Any individual entity that emerges out of the chemical soup is merely a passageway, a stage, a provisional outcome within a larger process of change. But that individual is also a solution to a problem posed by the convergence of conflicting forces. Living things contract, select and harmonize the conflicting forces that create them thus making a life for themselves.

Yet, a living thing never quite achieves self-identity. There is always disparity, a new problem to solve, a variation that must be integrated—it’s difference and disparity that drives the life process. Resistance to degradation, continuous variation, and continuous yet failed integration are the hallmarks of all life.

I think it could be argued that all art infuses matter with life, not by imposing form on an inert substance but by unlocking hidden dimensions of the artist’s materials. An artist’s materials are a swarm of unactualized dispositions, a capacity for variation, that the artist intensifies and actualizes. Art intensifies and transforms the artist’s materials, giving something non-living a life of its own, integrating conflicting forces in the process, and those materials in turn intensify and transform life.

This is certainly true of wine. The winemaker’s job is to find the singularities, the variations in their vineyards and grapes that promise a new direction, intensify those variations and then integrate them into something people want to drink, building in to the wine a capacity to resist degradation and support continuous change as the wine lives on in barrel and bottle.

Winemaking is the quintessential expression of vitality, harvesting living organisms, accelerating variation and change through the fermentation process, and then taking the resulting inorganic liquid and building back in the features of an organism—life becomes art becomes life becomes….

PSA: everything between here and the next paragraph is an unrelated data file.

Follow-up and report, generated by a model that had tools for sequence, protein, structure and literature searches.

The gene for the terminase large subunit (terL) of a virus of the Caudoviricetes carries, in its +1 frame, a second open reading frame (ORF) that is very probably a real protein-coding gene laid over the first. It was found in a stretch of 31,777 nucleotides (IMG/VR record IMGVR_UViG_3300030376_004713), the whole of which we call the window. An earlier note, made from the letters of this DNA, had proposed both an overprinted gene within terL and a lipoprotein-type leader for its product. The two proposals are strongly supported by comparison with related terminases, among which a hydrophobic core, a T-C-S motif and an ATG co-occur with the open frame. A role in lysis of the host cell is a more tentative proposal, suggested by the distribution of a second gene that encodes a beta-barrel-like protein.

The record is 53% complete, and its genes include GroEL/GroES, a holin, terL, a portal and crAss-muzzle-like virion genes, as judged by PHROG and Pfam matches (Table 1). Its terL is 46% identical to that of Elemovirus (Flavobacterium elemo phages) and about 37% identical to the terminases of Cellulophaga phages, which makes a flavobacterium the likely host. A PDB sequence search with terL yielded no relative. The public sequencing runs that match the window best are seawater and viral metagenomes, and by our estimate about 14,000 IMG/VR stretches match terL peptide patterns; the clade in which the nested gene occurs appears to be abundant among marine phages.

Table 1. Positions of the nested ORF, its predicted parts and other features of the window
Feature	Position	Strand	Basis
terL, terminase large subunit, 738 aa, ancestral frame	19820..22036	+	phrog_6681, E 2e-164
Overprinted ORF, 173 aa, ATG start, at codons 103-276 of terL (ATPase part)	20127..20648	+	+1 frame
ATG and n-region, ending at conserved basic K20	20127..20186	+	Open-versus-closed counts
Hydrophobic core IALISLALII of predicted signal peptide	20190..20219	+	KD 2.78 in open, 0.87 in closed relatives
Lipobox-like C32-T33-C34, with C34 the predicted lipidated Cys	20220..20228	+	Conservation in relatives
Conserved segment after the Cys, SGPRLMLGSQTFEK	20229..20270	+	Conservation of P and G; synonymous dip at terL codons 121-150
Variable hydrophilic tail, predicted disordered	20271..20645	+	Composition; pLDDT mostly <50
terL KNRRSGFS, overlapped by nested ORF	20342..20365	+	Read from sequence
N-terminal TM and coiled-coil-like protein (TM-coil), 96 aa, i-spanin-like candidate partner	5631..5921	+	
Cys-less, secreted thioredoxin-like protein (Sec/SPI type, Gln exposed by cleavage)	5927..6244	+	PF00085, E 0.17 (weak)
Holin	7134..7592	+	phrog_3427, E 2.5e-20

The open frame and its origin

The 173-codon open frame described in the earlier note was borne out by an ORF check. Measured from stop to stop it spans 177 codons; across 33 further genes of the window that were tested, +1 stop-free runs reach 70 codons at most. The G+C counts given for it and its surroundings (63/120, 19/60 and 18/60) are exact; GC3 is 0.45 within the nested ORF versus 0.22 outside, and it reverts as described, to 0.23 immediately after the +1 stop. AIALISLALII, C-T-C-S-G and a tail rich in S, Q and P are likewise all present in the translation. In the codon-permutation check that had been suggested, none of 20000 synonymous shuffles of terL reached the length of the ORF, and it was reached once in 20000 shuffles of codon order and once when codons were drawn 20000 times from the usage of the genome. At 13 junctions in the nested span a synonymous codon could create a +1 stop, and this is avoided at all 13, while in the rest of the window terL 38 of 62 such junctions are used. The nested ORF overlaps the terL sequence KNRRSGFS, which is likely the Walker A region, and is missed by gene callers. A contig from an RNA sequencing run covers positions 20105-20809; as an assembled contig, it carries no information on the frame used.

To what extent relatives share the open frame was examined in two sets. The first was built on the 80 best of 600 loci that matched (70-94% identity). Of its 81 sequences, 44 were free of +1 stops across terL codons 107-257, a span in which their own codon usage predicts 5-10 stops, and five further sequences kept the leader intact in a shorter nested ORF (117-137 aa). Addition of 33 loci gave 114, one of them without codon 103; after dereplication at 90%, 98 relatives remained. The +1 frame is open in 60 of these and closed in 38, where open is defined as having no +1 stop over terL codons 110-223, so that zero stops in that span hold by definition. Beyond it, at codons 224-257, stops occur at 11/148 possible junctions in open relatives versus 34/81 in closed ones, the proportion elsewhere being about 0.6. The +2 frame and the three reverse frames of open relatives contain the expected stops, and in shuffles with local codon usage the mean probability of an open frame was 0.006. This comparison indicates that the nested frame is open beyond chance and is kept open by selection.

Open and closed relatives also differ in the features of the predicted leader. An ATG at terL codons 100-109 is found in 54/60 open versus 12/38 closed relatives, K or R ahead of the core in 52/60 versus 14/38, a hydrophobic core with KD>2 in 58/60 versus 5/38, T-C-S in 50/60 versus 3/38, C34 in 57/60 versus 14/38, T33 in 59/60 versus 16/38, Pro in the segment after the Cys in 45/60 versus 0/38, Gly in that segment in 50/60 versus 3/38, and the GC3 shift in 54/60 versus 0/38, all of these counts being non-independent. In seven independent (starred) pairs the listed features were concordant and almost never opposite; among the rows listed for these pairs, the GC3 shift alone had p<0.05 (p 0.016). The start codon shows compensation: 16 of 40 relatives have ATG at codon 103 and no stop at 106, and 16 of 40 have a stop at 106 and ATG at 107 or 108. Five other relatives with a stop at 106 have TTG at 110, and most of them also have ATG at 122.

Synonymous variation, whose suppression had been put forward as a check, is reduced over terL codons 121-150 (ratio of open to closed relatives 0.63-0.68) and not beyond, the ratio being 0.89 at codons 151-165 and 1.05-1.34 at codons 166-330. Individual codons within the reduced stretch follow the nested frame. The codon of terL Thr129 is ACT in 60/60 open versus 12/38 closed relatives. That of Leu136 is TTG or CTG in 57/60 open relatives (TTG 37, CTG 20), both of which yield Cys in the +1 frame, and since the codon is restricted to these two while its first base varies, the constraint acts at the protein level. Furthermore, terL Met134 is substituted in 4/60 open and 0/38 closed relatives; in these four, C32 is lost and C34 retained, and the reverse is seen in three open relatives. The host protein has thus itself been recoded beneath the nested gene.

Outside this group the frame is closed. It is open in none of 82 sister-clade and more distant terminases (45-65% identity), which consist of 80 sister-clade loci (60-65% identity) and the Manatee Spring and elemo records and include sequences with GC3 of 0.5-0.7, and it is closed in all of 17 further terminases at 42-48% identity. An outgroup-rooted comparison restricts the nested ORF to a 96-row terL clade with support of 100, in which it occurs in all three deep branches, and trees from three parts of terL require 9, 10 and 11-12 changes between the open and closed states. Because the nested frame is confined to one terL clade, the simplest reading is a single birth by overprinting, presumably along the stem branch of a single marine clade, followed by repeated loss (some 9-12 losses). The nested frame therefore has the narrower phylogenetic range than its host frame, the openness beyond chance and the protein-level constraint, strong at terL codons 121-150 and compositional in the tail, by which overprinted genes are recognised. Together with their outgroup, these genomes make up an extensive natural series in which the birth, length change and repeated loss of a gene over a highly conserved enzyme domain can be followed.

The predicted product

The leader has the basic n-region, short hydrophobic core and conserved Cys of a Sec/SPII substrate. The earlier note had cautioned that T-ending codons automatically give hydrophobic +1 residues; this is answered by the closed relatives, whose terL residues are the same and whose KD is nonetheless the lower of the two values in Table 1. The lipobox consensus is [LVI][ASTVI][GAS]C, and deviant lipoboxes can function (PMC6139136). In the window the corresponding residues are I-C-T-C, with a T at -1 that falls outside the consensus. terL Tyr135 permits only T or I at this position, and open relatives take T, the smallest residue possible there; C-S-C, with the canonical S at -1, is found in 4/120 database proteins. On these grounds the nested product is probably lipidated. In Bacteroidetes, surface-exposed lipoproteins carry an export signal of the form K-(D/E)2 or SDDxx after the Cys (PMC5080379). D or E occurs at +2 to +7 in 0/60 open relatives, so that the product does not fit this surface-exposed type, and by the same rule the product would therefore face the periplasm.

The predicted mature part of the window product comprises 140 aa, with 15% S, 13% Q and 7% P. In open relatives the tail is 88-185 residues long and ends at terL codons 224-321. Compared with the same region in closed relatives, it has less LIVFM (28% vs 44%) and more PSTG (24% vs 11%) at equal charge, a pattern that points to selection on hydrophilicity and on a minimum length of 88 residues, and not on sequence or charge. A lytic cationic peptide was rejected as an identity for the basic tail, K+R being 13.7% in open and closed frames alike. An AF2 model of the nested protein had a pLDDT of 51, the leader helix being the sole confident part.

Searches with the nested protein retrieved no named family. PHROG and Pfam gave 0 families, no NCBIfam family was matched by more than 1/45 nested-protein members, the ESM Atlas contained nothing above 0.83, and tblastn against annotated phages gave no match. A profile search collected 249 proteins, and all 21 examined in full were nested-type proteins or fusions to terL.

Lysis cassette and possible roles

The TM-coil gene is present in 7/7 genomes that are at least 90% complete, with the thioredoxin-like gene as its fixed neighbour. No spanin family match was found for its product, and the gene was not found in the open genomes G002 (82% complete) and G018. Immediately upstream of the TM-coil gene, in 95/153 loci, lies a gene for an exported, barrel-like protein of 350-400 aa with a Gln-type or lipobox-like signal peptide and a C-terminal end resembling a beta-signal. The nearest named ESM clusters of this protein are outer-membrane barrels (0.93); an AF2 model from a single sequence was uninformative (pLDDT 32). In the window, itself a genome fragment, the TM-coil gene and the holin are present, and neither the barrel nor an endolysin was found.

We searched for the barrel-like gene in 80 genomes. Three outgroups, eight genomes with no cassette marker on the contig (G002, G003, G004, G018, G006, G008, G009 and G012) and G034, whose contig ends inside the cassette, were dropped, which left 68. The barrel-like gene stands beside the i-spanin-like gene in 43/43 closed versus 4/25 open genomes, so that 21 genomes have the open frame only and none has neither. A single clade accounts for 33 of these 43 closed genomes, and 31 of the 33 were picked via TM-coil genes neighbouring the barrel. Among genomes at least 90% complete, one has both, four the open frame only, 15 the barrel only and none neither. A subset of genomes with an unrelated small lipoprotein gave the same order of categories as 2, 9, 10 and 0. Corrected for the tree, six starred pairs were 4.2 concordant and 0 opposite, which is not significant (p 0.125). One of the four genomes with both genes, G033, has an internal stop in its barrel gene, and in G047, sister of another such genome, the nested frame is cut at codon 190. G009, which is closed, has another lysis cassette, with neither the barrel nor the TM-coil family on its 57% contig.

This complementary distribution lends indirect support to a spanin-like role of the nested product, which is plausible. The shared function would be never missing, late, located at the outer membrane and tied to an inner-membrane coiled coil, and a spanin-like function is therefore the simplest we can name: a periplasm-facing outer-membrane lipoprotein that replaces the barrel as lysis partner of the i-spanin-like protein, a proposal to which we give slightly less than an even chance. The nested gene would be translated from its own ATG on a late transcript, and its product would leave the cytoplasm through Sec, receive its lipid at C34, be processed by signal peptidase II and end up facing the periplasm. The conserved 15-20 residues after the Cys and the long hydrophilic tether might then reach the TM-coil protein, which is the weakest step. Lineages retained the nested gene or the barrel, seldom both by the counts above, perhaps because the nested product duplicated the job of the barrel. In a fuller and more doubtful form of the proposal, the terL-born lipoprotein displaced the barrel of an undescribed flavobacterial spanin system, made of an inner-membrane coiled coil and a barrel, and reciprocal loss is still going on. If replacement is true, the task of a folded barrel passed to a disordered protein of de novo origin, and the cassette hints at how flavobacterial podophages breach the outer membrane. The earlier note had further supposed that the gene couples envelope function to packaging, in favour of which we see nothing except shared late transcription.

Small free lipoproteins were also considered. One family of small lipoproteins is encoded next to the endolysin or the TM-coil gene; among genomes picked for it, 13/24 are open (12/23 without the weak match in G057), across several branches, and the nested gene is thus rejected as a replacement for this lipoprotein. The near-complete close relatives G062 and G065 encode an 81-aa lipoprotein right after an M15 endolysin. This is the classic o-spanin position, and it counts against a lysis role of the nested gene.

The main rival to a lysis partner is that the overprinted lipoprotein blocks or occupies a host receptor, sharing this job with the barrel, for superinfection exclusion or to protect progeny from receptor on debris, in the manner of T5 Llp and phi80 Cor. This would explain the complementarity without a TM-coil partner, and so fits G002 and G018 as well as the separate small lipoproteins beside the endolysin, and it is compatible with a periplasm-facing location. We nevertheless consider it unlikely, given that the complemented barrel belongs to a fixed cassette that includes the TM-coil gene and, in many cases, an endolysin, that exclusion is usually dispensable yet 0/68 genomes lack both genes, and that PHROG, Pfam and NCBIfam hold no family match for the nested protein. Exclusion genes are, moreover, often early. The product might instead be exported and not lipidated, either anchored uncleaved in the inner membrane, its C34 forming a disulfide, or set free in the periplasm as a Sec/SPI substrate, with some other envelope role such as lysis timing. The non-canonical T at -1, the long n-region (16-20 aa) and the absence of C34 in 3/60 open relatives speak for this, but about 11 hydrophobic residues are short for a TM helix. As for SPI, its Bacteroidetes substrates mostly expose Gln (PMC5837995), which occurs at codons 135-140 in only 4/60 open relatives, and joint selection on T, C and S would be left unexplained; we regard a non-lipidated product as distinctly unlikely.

Budget Wine Review: William Hill Estate Cabernet Sauvignon North Coast 2017

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william hill cabNapa Valley Cabernet is almost always over-priced and is often generic despite the hefty price tag. This wine has a generic flavor profile but without the hefty price tag, and it has enough fresh acidity and edgy structure on the finish to grab your attention. The grapes are mostly from Napa’s next door neighbor Lake County so think of this as a poor man’s “Napa Cab”.

The nose shows ripe blueberry and blackberry, caramel, and a bit of dusty earth. It’s soft and smooth upfront with a medium body and prominent vanilla notes. Herbal notes are hinted at but obscured by the oak flavors. Much of the action happens on the finish where it sheds some softness via the punchy acidity and tannic bite revealing a bit of charred wood in the process. The tannins are medium grain and persistent.

This wine delivers a lot of richness for the price exuding a casual, contented, benign vulgarity like the Stones Miss You:

Score: 88

Price: $15

Alc: 14%